Kildorrery is a lovely village situated in pituresque surroundings on the main Mallow to Killarney Road.Kildorrey is well known due to the annual festival held here each July.
Kildorrery is so placed as to be a landmark for miles. Cross-shaped, and of some size, it has the characteristics of a hill-village, rather sad weathered houses, sky seen through arches, draughty streets, an exposed graveyard, a chapel launched over the distance like a ship. Though its name means church of the oak grove, one can see no trees: the Ballyhouras are very near, to the north. Only when Kildorrery stands full in the sunset has it an all celestial smile.
Elizabeth Bowen, Bowens Court, 1942
The village of Kildorrery owes its origins to a church, mentioned in 1302 in the papal taxation records of Pope Boniface VIII. In the late 1700’s, the Earls of Kingston began work on laying out the present village.
By 1837, Kildorrery had 90 houses, a constabulary barracks and a medical dispensary. Fairs for selling cattle, sheep and pigs were held in May, June, September and November.
The modern parish of Kildorrery is made up of five medieval parishes Carrigdownane, Farahy, Kildorrery, Nathlash and Templemolagga. Saint Bartholomews parish church was built in 1838.
Kildorrery graveyard has been digitally surveyed and is viewable if you follow this link:
ELIZABETH BOWEN (1899-1973)
The Anglo-Irish world has produced many gifted writers but few were as magnetic as Elizabeth Bowen. Her dinner parties at Bowen’s Court, built in 1775 on the site of an earlier house, attracted such personalities as Seán Ui Faólain, Molly Keane and Edward Sackville-West. Her novels, mostly set in the Anglo-Irish world, have a universal appeal that places her in the top ten English language novelists on this side of the Atlantic.
The Death of the Heart (1938) and The Heat of the Day (1949) are probably her best-known novels. Her stories, she said, were “a matter of vision rather than of feeling”. Her best-known book in this area is Bowens Court “the semi-biographical story of her family and this locality”.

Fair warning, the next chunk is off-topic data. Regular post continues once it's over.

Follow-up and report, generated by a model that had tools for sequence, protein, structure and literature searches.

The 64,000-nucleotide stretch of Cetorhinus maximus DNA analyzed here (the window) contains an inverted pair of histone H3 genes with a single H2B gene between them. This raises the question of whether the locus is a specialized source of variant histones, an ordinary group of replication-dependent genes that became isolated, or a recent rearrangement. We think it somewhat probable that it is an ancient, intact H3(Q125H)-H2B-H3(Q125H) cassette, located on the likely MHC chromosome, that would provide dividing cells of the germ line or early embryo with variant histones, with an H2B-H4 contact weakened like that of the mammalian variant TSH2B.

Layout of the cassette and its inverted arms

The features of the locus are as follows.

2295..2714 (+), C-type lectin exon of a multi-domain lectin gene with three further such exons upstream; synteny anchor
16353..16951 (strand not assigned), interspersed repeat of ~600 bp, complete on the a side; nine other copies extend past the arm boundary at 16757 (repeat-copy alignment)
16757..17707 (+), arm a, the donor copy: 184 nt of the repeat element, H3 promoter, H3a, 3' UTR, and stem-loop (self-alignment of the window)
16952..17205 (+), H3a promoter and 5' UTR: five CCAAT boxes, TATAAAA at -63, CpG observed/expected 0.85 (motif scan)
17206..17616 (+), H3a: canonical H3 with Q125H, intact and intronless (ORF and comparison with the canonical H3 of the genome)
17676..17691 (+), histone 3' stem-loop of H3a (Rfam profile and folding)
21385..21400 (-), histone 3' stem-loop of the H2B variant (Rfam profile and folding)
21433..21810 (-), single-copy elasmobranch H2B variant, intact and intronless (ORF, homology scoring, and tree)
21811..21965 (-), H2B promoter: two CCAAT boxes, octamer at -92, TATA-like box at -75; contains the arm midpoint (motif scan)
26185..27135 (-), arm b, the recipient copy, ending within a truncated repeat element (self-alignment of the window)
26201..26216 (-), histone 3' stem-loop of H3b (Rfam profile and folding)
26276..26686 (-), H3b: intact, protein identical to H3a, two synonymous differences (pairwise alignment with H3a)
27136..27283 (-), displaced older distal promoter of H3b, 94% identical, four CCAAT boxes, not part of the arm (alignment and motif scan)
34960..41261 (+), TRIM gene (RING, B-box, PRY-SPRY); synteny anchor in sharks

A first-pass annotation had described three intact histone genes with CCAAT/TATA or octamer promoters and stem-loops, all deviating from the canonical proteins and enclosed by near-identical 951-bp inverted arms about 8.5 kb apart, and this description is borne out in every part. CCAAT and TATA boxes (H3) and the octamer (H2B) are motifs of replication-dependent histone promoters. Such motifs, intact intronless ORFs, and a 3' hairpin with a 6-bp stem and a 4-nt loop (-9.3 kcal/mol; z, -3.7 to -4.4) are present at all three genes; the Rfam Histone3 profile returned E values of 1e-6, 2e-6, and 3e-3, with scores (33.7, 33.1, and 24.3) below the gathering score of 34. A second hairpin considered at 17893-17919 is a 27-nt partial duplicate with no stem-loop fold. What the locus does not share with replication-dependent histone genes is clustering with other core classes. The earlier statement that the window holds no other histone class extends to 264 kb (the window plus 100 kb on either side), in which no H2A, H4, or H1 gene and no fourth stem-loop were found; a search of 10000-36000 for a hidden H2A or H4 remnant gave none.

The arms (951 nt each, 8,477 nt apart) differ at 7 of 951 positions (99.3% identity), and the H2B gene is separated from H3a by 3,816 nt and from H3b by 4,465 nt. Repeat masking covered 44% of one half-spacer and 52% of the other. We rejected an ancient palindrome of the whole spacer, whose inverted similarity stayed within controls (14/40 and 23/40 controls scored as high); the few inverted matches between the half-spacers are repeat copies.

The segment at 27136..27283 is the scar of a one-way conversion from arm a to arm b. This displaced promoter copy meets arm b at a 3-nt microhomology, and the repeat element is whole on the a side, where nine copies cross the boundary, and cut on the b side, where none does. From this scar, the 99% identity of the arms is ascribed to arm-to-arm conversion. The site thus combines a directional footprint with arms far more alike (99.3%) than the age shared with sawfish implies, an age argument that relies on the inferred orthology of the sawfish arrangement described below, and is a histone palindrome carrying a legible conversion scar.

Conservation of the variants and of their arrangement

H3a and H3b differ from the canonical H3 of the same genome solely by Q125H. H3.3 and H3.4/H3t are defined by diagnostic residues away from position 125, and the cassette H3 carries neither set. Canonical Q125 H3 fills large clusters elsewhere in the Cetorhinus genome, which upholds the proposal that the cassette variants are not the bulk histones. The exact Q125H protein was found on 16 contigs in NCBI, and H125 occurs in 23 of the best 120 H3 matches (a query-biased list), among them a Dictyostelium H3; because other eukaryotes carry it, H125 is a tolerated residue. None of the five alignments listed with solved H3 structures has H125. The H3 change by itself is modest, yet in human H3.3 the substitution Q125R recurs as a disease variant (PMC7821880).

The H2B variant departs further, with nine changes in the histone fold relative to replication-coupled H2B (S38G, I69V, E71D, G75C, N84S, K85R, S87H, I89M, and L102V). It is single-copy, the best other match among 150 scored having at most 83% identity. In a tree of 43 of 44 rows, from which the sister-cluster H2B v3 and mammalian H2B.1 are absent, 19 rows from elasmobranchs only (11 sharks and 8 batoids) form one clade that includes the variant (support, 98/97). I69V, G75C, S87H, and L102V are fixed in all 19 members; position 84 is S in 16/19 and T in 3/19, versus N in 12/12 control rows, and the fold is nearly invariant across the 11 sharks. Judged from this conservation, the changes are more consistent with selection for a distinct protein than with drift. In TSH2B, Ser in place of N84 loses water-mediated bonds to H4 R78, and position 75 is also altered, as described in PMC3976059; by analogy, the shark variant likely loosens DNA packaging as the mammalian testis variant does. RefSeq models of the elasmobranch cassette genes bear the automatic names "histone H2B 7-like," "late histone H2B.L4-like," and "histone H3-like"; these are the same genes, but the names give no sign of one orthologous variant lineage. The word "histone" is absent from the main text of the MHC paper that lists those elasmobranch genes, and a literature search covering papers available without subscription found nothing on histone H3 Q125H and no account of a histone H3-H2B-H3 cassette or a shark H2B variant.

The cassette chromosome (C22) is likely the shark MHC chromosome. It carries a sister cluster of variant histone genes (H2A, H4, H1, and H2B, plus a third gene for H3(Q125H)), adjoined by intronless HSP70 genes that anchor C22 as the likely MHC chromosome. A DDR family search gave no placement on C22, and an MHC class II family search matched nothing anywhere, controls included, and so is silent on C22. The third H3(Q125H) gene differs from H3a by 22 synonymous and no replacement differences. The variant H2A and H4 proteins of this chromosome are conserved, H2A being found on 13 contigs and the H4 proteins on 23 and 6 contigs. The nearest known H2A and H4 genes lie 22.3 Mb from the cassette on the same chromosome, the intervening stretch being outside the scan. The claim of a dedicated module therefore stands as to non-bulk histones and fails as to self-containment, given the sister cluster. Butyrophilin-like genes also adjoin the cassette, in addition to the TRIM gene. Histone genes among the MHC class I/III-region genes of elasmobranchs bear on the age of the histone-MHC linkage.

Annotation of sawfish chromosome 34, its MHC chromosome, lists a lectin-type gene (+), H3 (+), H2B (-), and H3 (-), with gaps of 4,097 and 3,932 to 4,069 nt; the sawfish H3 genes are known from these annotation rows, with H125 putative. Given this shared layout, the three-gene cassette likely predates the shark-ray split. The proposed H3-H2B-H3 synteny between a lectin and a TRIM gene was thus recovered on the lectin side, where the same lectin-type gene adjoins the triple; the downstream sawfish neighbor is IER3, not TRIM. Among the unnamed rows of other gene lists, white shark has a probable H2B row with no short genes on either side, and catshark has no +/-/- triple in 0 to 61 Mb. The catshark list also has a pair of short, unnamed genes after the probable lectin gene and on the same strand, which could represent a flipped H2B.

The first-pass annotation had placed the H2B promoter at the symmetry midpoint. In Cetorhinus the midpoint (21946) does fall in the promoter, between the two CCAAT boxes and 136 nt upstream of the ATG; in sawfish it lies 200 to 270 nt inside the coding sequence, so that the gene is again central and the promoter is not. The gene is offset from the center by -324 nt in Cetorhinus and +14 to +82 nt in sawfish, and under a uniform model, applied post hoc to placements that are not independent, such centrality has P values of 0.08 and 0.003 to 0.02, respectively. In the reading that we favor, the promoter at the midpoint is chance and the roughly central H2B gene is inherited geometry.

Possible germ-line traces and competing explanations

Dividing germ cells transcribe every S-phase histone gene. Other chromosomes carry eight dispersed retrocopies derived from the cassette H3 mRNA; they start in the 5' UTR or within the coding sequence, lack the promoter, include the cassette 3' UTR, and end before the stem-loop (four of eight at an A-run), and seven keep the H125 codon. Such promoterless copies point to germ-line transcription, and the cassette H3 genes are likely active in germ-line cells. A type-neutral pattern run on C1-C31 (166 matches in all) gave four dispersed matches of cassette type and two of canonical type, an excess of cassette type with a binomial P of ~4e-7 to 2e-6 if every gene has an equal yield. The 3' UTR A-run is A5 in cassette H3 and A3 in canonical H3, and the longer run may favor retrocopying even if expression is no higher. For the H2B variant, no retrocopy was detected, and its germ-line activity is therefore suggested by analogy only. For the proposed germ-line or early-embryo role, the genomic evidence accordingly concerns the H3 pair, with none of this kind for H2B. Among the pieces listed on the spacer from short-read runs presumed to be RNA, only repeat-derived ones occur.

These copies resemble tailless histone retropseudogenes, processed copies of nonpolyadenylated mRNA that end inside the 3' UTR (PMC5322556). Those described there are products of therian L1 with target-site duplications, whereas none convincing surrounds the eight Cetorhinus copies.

Elizabeth inherited Bowen’s Court in 1930. Sadly, in 1959, she realised that her income from writing could no longer meet the costs of running a big house. A businessman who bought the property cut down all of its woodlands. He subsequently demolished the great house, of which nothing now remains.
Tucked rather deeply into a crease of trees, this small place is unexpectedly come upon: here are a bridge over the small Farahy river, two or three shops, some yellow and pink cottages, the lower avenue gate-lodge of Bowen’s Court, a Protestant rectory and Protestant church. (Elizabeth Bowen, 1942)
Elizabeth Bowen’s grave and that of her husband, Alan Cameron, are just inside the Bowen’s Court side of the churchyard wall. A mulberry tree grows over their graves. The church, built in 1720, is now closed but an annual Elizabeth Bowen Commemorative Service is held there every September. Many local victims of the Great Famine were buried in Farahy. The Farahy Famine Memorial, which was erected in 1996 to mark the 150th anniversary of the famine, lies in the north-west corner of the graveyard.
The substantial ruin of Aghacross Church, founded by Saint Molagga in the seventh century, overlooks the Funcheon River. The existing building has many interesting features, including a weathered carved head of Saint Molagga on the east gable. Saint Molaggas holy well, on the south-side of the graveyard, has stonework, which may be over 1,000 years old. The well was described in 1936 by Kildorrery children who wrote about it for the Irish Folklore Commissions national schools collection. Acts of devotion are performed around the well. The visitors make three or four rounds and recite the rosary while doing so, and the litany of the Blessed Virgin. Visitations are frequently done for headaches, and in this case, the heads are washed in water outside the well. The water of the well has never been used for any domestic purpose. if an attempt were made to boil the water, it would not boil.